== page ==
Division of Academic Affairs
Graduate Catalog 2010-2011
Academic Program Planning & Development
Admission & Readmission
Leadership & Intl Programs
Degrees, Minors and Certificates
Graduate Degree Programs
Thomas Harriot College of Arts and Sciences
Department of Physics
John Sutherland, Chair, C-209A Howell Science Complex
, Assistant Chair for Graduate Studies, E-203 Howell Science Complex
MS in Physics
The Department of Physics offers the master of science in physics with concentrations in applied physics
, health physics,
and medical physics. Students seeking a MS degree must apply and be admitted into one of these
concentrations. A satisfactory knowledge of an acceptable computer language or of an acceptable foreign language is required. Attendance at a minimum of one-half of the regular Department of Physics seminars given during the student’s residence in the graduate program is required.
The applied physics concentration requires minimum of 34 s.h. of courses and the completion of a thesis.
The health physics concentration requires a minimum of 39 s.h. of courses, and, in addition, students must complete a 10-16 week rigorous practicum in applied health physics in an industrial, university or national laboratory setting in lieu of a thesis.
The medical physics concentration requires a minimum of 38 s.h. of courses that include a minimum of 6 s.h. of clinical study in lieu of a thesis.
Core - 16-22 s.h.
PHYS 5410*, 5600, 5601, 5900, 5901, 6816
Applied physics concentration: PHYS 7000 (repeated once); minimum of 6 s.h. electives from: PHYS 6250, 6700, 6715, 6900
Health physics concentration: EHST 5164, 5800, 5801; PHYS 6900; minimum of 3 s.h. electives from: EHST 6700, PHYS 6200, 7450
Medical physics concentration: PHYS or RONC 6992, 6993; minimum of or 3 s.h. electives from: PHYS 6300, 7992
Concentration (Choose one area.) - 12-19 s.h.
(12 s.h.): PHYS 5311, 6200, 6300, 7450
concentration (19 s.h.): RONC 7370; HLTH 6011; PHYS 6700, 6750, 7730, 7740
(19 s.h.): RONC 7370; PHYS 6700, 6710, 6715, 6720; PHYS or RONC 6718
*Students in the medical physics concentration who have had an undergraduate course in quantum mechanics may substitute the 3 s.h. elective, listed above, for PHYS 5410.
In addition, a student in the medical physics concentration must demonstrate a satisfactory knowledge of medical terminology through taking BIOL 2130 (preferred) or HIMA 3000.
A student must receive a minimum final grade of B in each of the required courses in the medical physics option.
A student, because of inappropriate behavior in a clinical setting, will be immediately suspended by the instructor. A review by the Graduate Committee will determine if the student is eligible to continue in the medical physics option.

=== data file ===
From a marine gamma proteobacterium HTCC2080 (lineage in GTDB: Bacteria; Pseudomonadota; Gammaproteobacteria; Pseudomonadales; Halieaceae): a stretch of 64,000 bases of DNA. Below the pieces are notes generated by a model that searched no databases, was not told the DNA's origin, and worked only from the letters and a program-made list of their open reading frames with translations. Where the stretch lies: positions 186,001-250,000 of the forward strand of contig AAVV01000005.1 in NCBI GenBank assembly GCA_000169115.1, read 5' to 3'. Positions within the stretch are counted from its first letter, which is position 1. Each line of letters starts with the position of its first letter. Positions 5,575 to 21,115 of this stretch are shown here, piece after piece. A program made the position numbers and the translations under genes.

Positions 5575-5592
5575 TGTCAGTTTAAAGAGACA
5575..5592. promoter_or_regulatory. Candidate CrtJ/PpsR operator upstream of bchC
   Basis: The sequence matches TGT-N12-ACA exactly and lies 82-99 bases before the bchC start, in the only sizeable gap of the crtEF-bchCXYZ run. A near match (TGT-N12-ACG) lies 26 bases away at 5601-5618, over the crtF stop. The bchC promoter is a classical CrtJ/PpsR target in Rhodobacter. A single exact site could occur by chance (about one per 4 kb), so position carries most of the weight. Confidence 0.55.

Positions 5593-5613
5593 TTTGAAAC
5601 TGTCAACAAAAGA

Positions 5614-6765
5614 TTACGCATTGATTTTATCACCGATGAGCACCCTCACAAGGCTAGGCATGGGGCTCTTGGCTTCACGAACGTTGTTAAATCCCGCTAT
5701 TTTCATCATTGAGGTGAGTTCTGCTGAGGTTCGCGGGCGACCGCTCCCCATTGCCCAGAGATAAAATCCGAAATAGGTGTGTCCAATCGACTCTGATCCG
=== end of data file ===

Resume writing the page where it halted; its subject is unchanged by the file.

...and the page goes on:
PhD in Biomedical Physics
The primary objective of the PhD program in biomedical physics is to graduate scientists who can apply the tools and concepts of physics to solve significant biological and medical problems and advance our understanding of fundamental biomedical processes. Core curricula in both applied physics and biomedical areas are designed to provide training for students with diverse backgrounds in physics, applied physics, biochemistry, and engineering. All students are required to complete a dissertation project under supervision of a faculty advisor.
The applicant must have a master’s degree in physics, applied physics, medical physics, or related fields or must have shown a significant progress towards obtaining a master’s degree in the above fields. Acceptable performance on the GRE and a minimum cumulative GPA of 3.0 on a 4.0 scale in graduate work are required.
The following documents are required before final admission is approved: completed application form for admission to Graduate School, official transcripts from colleges and universities attended, official or certified copy of score reports of the GRE and TOEFL (if applicable), letters of reference from three persons who can attest to the applicant’s academic competence, and an essay describing the applicant’s career goals and research interests which are consistent with the educational opportunities offered in the PhD program.
Course and Residence Requirements
The PhD program requires a minimum of 30 s.h. of courses beyond the master’s degree. The student will take a minimum of 6 s.h. of courses from a physics core, a minimum of 6 s.h. of courses from a biomedical core, and a minimum of 18 s.h. of dissertation research courses. Additional courses may be required by the executive committee, depending on the individual student’s preparation. Students must demonstrate a working knowledge of at least one high-level computer language, such as FORTRAN or C. Students must pass doctoral candidacy exam and write and successfully defend a doctoral dissertation.
Students must complete at least five consecutive semesters in residence (excluding summers).
Because of the broad interest and collaborative nature of the PhD program, the executive committee will evaluate transfer credits on a case-by-case basis. A maximum of 6 s.h. of transfer credit may be accepted.
If a student enrolls in this program and already has the equivalent of the 12 s.h. beyond the master’s degree, he or she may petition the executive committee for a waiver of or substitution for these courses. After a majority of the core courses have been completed, students in this program must pass the doctoral candidacy examination before being admitted to candidacy for the PhD in biomedical physics.
The PhD program should be completed by the end of three years following the student’s initial enrollment. With the endorsement of the advisory committee, a student having deficiencies in preparation may request an extension of no more than two years.
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